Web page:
Connecticut: Officials Expunge 40,000+ Marijuana-Related Convictions

Marijuana Expungement

State officials have completed the process of reviewing and vacating the criminal records of over 40,000 residents with prior marijuana-related convictions.

As of January 1, “our administration has erased 42,964 cannabis convictions,” Democratic Gov. Ned Lamont announced on twitter.

Legislation signed into law in 2020 regulating the adult-use cannabis market contained provisions providing for the automatic review and expungement of prior convictions involving the possession of up to four ounces of cannabis. Those with more serious marijuana-related records may petition the courts for relief.

To date, 24 states have enacted laws providing explicit pathways to either expunge (or otherwise set aside) the records of those with low-level marijuana convictions. According to publicly available data compiled by NORML, state and local officials have issued over 100,000 pardons and more than 1.7 million marijuana-related expungements since 2018. 

“Hundreds of thousands of Americans unduly carry the burden and stigma of a past conviction for behavior that most Americans, and a growing number of states, no longer consider to be a crime,” NORML’s Deputy Director Paul Armentano said. “Our sense of justice and our principles of fairness demand that public officials and the courts move swiftly to right the past wrongs of cannabis prohibition and criminalization.”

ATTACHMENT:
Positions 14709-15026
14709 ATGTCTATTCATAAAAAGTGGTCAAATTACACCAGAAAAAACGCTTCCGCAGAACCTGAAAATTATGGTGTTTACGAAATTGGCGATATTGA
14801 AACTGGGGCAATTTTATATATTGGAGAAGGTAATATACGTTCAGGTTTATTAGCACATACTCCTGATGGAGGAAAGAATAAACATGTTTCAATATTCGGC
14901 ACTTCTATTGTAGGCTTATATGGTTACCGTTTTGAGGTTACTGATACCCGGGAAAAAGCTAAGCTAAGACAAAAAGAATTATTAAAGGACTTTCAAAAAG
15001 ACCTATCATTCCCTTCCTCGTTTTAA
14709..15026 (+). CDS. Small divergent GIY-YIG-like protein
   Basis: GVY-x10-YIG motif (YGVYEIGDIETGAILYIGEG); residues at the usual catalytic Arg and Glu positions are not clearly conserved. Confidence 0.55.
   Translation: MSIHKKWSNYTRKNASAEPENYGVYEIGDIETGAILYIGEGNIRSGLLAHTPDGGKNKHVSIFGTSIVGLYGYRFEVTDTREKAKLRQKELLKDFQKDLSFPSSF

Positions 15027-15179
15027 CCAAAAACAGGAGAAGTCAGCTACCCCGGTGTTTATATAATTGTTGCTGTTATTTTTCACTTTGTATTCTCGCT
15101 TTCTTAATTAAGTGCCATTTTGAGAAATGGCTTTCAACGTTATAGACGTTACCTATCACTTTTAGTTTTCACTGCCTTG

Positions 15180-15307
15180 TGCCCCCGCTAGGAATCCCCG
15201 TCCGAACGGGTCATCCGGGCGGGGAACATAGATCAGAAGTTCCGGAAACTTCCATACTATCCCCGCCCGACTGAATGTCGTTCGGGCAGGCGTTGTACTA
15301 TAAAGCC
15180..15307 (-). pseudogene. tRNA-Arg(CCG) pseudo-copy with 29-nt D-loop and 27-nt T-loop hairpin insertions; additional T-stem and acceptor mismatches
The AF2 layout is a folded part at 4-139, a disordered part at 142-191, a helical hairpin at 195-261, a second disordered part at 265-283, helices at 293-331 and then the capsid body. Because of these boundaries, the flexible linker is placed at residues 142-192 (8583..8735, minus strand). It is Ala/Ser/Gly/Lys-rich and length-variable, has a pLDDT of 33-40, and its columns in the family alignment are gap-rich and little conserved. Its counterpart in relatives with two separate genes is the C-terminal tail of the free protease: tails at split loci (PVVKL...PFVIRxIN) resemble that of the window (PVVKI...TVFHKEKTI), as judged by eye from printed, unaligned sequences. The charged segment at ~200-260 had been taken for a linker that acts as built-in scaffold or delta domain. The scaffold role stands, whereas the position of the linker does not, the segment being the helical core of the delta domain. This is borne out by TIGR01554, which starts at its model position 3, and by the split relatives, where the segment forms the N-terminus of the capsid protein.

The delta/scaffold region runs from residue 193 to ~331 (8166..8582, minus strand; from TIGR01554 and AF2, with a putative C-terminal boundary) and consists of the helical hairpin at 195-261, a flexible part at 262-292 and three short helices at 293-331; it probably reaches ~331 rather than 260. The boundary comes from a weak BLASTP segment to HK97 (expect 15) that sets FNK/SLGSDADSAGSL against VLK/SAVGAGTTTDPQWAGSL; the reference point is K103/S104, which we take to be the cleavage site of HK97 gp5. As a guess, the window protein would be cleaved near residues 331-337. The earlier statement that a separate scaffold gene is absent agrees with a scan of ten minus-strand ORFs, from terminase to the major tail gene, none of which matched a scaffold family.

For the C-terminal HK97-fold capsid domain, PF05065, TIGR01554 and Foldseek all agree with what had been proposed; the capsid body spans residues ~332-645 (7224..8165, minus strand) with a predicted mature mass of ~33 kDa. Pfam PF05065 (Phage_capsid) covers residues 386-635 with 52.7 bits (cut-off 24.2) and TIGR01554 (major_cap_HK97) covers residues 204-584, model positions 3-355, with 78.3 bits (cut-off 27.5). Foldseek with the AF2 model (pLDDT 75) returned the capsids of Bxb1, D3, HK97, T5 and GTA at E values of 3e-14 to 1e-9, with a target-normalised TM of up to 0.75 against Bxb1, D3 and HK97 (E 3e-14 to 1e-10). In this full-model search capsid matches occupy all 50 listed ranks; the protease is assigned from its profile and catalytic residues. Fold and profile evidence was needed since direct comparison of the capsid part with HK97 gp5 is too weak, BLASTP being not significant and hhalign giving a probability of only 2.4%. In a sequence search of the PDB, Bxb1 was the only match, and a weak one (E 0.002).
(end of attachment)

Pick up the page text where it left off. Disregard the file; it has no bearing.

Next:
Adult-use marijuana sales are scheduled to begin in Connecticut at licensed retailers next week. Limited adult-use sales began in New York last week. Licensed retailers in New Jersey, Rhode Island, and Vermont also began operations in recent months.

The full text of NORML’s report, Marijuana Pardons and Expungements: By the Numbers, is available online.